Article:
The Commission of Stone Buildings of Moscow and Saint Petersburg established in 1762 ruled that no structure in the city be higher than the Winter Palace and prohibited spacing between buildings. During the reign of Catherine the Great in the 1760s–1780s, the banks of the Neva were lined with granite embankments.
However, it was not until 1850 that the first permanent bridge across the Neva, Blagoveshchensky Bridge, was allowed to open. Before that, only pontoon bridges were allowed. Obvodny Canal (dug in 1769–1833) became the southern limit of the city.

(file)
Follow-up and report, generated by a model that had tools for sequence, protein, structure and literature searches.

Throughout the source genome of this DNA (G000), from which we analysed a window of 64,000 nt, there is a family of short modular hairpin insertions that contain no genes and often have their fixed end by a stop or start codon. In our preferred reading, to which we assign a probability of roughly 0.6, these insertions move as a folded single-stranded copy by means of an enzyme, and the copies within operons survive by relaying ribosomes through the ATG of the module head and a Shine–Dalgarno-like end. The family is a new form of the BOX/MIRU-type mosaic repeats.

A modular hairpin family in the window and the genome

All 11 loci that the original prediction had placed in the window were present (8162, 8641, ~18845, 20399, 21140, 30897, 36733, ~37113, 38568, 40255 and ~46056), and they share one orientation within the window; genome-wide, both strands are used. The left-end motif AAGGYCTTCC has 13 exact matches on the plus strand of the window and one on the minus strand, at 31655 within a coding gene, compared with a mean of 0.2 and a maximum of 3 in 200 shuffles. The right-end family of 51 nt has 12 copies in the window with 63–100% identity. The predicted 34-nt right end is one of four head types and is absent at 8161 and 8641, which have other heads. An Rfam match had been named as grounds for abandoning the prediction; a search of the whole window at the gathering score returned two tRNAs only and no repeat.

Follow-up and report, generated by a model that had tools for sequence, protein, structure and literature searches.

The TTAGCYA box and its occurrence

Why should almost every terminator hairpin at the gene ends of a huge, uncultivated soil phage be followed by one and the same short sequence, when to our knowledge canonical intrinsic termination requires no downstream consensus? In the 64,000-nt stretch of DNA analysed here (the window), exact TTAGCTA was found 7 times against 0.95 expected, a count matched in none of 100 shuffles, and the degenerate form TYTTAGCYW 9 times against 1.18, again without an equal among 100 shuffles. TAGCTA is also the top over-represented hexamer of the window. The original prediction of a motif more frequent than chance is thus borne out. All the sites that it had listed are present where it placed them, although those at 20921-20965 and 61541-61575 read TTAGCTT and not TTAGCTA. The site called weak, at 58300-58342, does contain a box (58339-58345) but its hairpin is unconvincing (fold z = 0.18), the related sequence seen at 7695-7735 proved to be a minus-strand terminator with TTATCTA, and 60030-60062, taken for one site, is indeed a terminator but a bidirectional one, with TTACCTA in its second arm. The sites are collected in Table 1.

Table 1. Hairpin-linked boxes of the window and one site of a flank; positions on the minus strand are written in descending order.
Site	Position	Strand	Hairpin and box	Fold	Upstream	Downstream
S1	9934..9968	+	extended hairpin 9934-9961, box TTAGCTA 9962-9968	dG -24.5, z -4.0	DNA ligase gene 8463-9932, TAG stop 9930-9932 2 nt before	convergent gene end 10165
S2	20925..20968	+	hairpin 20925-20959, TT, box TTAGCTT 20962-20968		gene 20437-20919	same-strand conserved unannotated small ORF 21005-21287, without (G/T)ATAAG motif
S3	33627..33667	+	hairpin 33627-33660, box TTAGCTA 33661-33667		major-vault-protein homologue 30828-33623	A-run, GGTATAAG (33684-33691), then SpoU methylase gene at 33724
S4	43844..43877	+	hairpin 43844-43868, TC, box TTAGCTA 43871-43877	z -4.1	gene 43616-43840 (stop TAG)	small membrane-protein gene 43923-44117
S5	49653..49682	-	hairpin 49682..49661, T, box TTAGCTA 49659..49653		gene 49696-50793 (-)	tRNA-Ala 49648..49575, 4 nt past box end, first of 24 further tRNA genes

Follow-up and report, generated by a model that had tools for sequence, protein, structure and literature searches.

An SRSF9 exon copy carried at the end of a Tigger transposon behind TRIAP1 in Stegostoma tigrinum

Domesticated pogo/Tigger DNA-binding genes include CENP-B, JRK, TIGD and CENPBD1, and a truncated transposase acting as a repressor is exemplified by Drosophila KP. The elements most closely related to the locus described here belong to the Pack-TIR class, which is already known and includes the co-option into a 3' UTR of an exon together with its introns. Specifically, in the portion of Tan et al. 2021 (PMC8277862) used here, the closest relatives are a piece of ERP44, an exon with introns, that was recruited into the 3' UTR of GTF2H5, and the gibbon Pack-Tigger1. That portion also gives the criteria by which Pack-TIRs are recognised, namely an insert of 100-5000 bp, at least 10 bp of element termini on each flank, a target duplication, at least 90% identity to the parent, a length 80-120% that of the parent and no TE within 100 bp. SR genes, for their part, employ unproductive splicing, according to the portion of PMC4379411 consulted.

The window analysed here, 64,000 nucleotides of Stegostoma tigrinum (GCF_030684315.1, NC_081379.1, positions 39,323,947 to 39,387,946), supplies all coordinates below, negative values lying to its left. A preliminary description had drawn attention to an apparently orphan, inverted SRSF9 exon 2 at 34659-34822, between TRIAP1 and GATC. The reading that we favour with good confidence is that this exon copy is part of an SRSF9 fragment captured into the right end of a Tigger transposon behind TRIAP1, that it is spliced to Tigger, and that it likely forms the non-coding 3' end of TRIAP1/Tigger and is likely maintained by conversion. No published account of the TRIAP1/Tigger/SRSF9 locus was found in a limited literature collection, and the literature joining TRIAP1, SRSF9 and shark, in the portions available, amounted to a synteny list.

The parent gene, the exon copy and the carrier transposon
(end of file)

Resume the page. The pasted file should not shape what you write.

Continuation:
Among the most prominent neoclassical architects in Saint Petersburg (including those working within the Empire style) were Jean-Baptiste Vallin de la Mothe (Imperial Academy of Arts, Small Hermitage, Gostiny Dvor, New Holland Arch, Catholic Church of St. Catherine), Antonio Rinaldi (Marble Palace), Yury Felten (Old Hermitage, Chesme Church), Giacomo Quarenghi (Academy of Sciences, Hermitage Theatre, Yusupov Palace), Andrey Voronikhin (Mining Institute, Kazan Cathedral), Andreyan Zakharov (Admiralty building), Jean-François Thomas de Thomon (Spit of Vasilievsky Island), Carlo Rossi (Yelagin Palace, Mikhailovsky Palace, Alexandrine Theatre, Senate and Synod Buildings, General Staff Building, design of many streets and squares), Vasily Stasov (Moscow Triumphal Gate, Trinity Cathedral), and Auguste de Montferrand (Saint Isaac’s Cathedral, Alexander Column). In 1810 the first engineering Higher learning institution, the Saint Petersburg Main military engineering School were established in Saint Petersburg by Alexander I. The victory over Napoleonic France in the Patriotic War of 1812 was commemorated with many monuments, including the Alexander Column by Montferrand, erected in 1834, and the Narva Triumphal Gate.